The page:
3. One of the reasons that power generation has greatly depended upon coal, in the thermal group, has been the lack of availability and uncertainty about gas supply and also about nuclear fuel. It has been recognized, well beyond doubt, that both these routes of power generation namely gas and nuclear should be encouraged in a significant way. The National Electricity Policy (2005) has advocated both these routes. Even then dominance of coal may inevitably continue in view of much larger size of expansion of electricity generation, from 135 GW to 800 GW in next 25 years. We also need to recognize that though we do have large coal reserves, these are not unlimited. Part of these also needs to be preserved for future generations.

  4. The concerns about global warming and other climate change related issues have attracted global attention at the topmost level of governments of different countries. These issues have become, in last two years, important agenda items for summit level discussions. Long term perspective on energy production and consumption is being greatly influenced by climate change considerations. India's position with regard to obligation for co2 emission continues to be, and for good and valid reasons, what it has been. Yet, we must not give an impression that inspite of domestic natural gas being available even that part of power production, which could have been based on gas as the fuel, will be substituted by generation through coal.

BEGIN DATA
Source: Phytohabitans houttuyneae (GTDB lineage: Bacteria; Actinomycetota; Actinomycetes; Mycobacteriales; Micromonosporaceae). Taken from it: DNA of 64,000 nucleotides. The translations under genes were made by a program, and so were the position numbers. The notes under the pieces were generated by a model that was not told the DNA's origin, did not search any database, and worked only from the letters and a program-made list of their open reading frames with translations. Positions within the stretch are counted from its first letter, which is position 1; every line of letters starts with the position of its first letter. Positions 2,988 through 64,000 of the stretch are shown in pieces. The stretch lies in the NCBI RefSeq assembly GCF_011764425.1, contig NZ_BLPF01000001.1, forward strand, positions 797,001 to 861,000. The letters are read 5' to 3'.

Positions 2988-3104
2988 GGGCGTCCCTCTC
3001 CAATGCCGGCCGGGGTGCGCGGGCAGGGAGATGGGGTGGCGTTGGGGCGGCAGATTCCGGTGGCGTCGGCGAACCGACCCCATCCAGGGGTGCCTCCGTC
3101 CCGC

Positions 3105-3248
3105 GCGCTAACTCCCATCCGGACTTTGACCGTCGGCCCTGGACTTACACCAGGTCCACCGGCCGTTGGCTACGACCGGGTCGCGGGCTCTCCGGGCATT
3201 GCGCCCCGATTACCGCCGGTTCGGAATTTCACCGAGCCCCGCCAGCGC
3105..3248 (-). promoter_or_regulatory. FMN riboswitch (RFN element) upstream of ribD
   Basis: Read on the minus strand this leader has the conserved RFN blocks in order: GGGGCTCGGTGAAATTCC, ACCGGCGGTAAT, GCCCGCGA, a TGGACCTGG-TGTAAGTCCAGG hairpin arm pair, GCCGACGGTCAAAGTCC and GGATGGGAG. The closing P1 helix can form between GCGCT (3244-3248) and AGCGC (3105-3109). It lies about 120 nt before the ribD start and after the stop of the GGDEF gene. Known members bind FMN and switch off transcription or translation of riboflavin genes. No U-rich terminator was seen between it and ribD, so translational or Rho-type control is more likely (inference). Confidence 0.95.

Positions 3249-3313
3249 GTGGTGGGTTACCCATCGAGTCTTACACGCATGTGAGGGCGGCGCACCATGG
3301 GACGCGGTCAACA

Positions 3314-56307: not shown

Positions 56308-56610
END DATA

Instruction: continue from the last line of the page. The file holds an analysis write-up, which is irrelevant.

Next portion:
5. At present (March 2007) the share of gas based power plant capacity is about 10% of the total installed capacity. As planned for XI Five year plan, in which only about 2100 MW on gas has been projected out of a total of about 69,000 of additional capacity, the proportion may go down to 7%. In the Working Group on Power for XI Plan, which I had the privilege of chairing, it was recommended in its Report (Jan 2007) that although gas was relatively a clean fuel there was uncertainty about its availability. Accordingly only 2,100 MW was projected for gas based capacity in the XI Plan. But this report goes on to say that more gas based projects could be taken up when there is clarity about availability of gas. It is a fact that over next 25 year time frame gas is not going to be more than 10-11% in the overall energy mix, yet any drastic decline in the proportion of gas based power plant capacity, in spite of gas being available, may not present a very convincing picture of power sector capacity profile. By 2012 when our total capacity will exceed 2,00,000MW, gas based capacity should be around 20,000 MW to retain, at least for the present few years, the existing share for gas based plants of about 10%. This would mean about 6,000 MW of capacity more than what has been planned on gas.